“All I know is that first you’ve got to get mad. You’ve got to say, I’m a human being, goddammit! My life has value! So I want you to get up now. I want all of you to get up out of your chairs. I want you to get up right now and go to the window, open it, and stick your head out, and yell, ‘I’m as mad as hell, and I’m not going to take this anymore!'”
I saw Network last weekend — a classic 1976 film with Faye Dunaway, William Holden, and Robert Duvall. Peter Finch won the only posthumous Oscar for his role as Howard Beale, an aging news anchor who has a breakdown/epiphany, and becomes the “mad prophet of the airwaves” for the UBS network. This is one of those movies that was a bit ahead of itself: in some ways, I suspect it plays better now than in the 70s.
What was then parody is now awfully close to real network programming. Ratings-crazed executives don’t just throw on a ranting Beale (O’Reilly? Alan Keyes?), they also produce the Mao Tse Tung Hour, which follows the terrorist escapades of the Ecumenical Liberation Army (Cops, anyone?). The news also comes to include a gossip section (Hard Copy) and “Sybil the Soothsayer” (Jonathan Edwards).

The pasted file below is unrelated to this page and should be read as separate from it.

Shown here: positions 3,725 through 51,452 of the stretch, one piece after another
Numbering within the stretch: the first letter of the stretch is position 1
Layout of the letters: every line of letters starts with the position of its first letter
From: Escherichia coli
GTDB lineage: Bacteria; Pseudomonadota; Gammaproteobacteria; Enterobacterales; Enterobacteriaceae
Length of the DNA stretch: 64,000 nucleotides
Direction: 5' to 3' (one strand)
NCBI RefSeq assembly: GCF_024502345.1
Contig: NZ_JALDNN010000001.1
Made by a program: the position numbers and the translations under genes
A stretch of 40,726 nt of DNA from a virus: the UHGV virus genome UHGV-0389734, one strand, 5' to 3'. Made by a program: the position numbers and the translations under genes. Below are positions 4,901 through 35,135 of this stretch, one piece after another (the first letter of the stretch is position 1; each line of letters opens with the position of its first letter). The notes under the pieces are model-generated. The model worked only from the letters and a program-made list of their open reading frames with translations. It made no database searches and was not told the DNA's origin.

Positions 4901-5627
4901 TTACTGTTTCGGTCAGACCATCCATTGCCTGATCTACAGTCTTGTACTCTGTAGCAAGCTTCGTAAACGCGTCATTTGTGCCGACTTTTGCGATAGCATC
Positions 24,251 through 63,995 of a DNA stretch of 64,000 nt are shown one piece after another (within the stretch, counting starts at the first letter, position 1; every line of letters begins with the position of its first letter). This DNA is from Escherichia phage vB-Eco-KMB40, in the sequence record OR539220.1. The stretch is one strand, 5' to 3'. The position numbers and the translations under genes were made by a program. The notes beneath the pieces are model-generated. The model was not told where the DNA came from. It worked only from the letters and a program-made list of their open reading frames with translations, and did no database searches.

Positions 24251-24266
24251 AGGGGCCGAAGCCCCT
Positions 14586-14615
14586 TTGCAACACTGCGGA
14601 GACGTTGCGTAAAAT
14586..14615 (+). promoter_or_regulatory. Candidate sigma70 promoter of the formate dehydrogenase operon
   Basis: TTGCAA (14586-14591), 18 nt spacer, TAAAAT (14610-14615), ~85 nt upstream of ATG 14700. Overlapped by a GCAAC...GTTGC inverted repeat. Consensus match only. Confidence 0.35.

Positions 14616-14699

Television gets raked over the coals, and there’s some top-notch satire of both corporate and revolutionary culture. One of my favorite scenes has a gaggle of lawyers and executives huddled in the ELA’s hideout, haggling over distribution costs with The Great Amhed Khan and a communist party functionary. We also meet Chairman of the Board Arthur Jensen (played by Ned Beatty!), an unhinged evangelical capitalist. The tirade he delivers to Beale in the fantastic boardroom-scene actually manages to capture, in an exagerrated form, some element of the libertarian mindset:
“You have meddled with the primal forces of nature, Mr. Beale, and I won’t have it, is that clear?! You think you have merely stopped a business deal – that is not the case! The Arabs have taken billions of dollars out of this country, and now they must put it back. It is ebb and flow, tidal gravity, it is ecological balance. You are an old man who thinks in terms of nations and peoples. There are no nations! There are no peoples! There are no Russians! There are no Arabs! There are no Third Worlds! There is no West! There is only one holistic system of systems, one vast and immense, interwoven, interacting, multi-variate, multi-national dominion of dollars!”
Preach on, Brother Jensen! A good deal of the movie feels like Neil Postman-lite, and Postman’s always struck me as equal parts cranky, myopic, and insightful. But the film is still clever, and very funny – pick it up if you’re looking for a Sunday afternoon flick..